Q fever

Common Name(s)

Q fever

Q fever is an infectious disease caused by the bacteria Coxiella burnetii. This disease is common in both animals and humans. Q fever is usually a mild disease that has flue like symptoms. However in rare cases when the infection returns, it can affect the heart, liver, brain or lungs. This type of the Q fever can lead to atypical pneumonia, hepatitis, and inflammation of inner lining of the heart. Common symptoms include, dry cough, fever, headache, joint pain, muscle pain. Other symptoms may include abdominal pain, rash, yellow skin, and shortness of breath. These symptoms often appear 20 days after the individual is expose to the bacteria. Q fever is usually treated with antibiotics like doxycycline. However when the infection lasts for more than 6 months, hydroxychloroquine might be also prescribed. This disease is more common in individuals who have contact with farm animals and raw dairy products. Talk with your doctor if you or your child has been diagnosed with Q fever to decide on the best treatment plan.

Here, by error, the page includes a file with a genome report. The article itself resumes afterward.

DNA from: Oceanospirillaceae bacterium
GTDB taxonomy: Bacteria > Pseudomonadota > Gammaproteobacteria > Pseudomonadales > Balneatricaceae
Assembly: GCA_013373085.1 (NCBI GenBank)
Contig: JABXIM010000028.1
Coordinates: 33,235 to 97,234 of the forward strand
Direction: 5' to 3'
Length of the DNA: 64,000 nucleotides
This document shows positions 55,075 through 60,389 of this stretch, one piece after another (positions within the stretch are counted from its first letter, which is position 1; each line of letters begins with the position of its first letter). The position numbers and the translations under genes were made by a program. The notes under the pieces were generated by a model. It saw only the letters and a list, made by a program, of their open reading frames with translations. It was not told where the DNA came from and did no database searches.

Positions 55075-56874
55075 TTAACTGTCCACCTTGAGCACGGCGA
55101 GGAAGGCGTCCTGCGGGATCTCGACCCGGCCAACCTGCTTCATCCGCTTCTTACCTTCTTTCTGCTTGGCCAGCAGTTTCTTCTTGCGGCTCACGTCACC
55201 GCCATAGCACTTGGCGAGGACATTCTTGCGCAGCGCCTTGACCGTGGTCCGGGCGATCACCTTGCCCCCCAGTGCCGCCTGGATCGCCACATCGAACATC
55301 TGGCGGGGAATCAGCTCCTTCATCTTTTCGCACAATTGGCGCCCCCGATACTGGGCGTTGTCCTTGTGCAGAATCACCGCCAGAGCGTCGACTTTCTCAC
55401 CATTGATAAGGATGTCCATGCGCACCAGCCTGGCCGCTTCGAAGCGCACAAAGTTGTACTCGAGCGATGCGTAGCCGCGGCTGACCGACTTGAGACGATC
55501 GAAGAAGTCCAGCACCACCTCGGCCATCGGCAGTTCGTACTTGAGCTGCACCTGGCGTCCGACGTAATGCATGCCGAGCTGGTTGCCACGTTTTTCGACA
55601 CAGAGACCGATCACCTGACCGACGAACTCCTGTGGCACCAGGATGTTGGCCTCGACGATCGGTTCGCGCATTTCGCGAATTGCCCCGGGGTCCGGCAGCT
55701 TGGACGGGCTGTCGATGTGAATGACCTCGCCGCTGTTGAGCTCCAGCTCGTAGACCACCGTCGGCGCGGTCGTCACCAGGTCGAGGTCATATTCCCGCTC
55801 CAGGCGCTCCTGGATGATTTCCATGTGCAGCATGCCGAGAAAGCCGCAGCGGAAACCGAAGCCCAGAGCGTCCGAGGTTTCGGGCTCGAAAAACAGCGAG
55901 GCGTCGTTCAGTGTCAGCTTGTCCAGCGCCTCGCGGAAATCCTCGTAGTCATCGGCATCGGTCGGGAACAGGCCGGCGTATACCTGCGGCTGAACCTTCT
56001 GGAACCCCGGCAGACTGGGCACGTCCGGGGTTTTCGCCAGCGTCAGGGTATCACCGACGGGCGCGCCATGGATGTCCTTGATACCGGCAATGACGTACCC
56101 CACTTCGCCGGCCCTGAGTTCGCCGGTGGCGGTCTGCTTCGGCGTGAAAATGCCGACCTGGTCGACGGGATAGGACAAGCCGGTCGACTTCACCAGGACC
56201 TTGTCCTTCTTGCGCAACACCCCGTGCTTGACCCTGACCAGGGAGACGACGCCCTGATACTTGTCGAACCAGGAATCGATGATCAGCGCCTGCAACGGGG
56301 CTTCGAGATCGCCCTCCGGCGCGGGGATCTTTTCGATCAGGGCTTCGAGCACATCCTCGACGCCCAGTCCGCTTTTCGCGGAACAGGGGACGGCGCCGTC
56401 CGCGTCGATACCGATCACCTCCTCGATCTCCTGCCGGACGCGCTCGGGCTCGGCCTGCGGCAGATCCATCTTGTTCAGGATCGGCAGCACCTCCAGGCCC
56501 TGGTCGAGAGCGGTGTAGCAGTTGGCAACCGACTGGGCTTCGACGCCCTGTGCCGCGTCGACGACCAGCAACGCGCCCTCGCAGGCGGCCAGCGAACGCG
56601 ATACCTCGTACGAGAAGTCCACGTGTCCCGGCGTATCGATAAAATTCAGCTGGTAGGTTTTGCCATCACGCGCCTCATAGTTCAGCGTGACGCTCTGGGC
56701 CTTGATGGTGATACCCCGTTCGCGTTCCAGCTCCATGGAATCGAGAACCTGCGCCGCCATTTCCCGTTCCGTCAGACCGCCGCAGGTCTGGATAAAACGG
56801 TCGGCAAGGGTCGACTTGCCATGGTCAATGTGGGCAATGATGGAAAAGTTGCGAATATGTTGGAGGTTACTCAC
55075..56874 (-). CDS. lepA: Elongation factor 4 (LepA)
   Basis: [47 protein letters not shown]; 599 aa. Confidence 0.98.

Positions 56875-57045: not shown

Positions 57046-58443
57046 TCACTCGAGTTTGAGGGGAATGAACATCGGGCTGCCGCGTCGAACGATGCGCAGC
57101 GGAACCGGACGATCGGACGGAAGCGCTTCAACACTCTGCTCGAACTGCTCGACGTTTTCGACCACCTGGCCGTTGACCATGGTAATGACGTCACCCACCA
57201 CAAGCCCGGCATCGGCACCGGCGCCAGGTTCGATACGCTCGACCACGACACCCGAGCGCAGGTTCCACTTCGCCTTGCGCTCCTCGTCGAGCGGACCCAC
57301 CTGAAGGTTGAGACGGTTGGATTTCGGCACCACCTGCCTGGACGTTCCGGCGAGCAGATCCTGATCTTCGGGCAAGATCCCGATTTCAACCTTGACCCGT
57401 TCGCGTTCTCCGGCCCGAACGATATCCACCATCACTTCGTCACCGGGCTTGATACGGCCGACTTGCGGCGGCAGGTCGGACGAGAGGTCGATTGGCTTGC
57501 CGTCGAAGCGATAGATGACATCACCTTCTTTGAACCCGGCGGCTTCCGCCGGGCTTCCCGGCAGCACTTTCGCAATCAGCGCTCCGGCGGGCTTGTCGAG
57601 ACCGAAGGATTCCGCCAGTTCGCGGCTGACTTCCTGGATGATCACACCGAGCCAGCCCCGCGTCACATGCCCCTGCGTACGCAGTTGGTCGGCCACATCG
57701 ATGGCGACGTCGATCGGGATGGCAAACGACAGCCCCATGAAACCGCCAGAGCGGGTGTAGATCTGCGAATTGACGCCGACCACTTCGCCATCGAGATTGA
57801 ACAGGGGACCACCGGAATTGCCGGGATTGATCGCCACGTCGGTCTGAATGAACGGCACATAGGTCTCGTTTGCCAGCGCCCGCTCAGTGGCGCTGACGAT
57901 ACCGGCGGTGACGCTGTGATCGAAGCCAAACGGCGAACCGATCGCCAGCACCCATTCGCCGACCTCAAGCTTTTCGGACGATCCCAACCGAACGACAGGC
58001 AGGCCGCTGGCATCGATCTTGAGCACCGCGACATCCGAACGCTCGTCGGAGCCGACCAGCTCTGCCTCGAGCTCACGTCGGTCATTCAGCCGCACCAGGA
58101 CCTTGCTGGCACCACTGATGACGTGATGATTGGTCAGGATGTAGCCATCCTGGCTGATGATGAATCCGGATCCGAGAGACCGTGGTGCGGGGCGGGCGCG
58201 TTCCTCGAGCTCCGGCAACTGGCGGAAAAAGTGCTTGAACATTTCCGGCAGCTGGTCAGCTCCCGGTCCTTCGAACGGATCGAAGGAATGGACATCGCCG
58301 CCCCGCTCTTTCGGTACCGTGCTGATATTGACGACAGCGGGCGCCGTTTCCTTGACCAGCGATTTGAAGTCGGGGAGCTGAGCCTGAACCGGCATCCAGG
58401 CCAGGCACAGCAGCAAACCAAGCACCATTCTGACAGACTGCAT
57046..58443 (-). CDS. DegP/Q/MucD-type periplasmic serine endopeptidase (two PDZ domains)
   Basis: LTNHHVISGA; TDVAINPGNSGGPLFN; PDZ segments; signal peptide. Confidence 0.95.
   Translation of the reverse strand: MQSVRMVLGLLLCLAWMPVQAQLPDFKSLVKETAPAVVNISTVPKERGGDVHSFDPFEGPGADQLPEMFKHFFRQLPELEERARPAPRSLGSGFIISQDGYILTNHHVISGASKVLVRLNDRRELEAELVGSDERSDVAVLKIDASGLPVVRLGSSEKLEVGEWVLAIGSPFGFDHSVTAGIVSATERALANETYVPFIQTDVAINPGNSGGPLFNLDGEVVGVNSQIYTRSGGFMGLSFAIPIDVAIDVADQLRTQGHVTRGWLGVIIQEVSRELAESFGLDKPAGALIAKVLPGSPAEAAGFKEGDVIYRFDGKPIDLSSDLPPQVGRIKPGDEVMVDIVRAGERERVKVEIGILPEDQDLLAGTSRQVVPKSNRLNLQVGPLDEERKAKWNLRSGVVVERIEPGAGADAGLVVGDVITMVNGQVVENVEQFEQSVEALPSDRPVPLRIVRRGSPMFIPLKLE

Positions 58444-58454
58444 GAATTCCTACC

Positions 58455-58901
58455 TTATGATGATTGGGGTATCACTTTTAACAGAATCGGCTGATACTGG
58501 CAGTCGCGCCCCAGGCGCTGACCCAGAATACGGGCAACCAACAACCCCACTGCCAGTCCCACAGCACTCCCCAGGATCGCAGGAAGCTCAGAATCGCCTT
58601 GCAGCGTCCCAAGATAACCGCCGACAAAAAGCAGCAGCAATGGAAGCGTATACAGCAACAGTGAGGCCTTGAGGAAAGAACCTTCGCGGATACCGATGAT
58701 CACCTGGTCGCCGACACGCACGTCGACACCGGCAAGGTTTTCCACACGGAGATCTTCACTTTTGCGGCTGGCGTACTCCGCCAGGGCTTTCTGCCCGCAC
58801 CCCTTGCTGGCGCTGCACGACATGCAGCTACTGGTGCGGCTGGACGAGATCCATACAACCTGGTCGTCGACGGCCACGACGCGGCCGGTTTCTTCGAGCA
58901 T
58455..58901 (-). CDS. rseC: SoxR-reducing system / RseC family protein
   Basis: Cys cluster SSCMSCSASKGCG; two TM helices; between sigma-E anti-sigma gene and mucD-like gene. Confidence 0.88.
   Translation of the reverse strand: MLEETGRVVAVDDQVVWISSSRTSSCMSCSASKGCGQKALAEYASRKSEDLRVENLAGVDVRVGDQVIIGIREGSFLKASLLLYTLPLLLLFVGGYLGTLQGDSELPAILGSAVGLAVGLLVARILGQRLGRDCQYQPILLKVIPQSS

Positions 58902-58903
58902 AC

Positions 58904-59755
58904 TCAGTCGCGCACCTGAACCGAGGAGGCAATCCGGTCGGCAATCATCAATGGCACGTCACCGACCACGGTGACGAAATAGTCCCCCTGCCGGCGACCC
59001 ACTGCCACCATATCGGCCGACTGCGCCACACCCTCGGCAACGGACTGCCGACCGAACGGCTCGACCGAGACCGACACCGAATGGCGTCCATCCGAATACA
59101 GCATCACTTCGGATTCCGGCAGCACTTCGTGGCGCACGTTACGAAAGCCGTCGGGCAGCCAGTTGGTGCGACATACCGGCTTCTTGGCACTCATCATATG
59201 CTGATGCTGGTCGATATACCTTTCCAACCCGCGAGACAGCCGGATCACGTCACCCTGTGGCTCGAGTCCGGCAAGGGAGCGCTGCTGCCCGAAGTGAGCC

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Advocacy and Support Organizations

 

Condition Specific Organizations

Following organizations serve the condition "Q fever" for support, advocacy or research.

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General Support Organizations

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Scientific Literature

Articles from the PubMed Database

Research articles describe the outcome of a single study. They are the published results of original research.
The terms "Q fever" returned 323 free, full-text research articles on human participants. First 3 results:

Pediatric acute Q fever mimics other common childhood illnesses.
 

Author(s): Ingeborg Y Bart, Yvonne Schabos, Roeland W N M van Hout, Alexander C A P Leenders, Esther de Vries

Journal:

 

Knowledge of Q fever has increased over the last decades, but research has mainly focused on adults. Data in children are scarce, and current knowledge is mostly based on case reports. The aim of this study was to determine predictors for acute Q fever in children in the general population. ...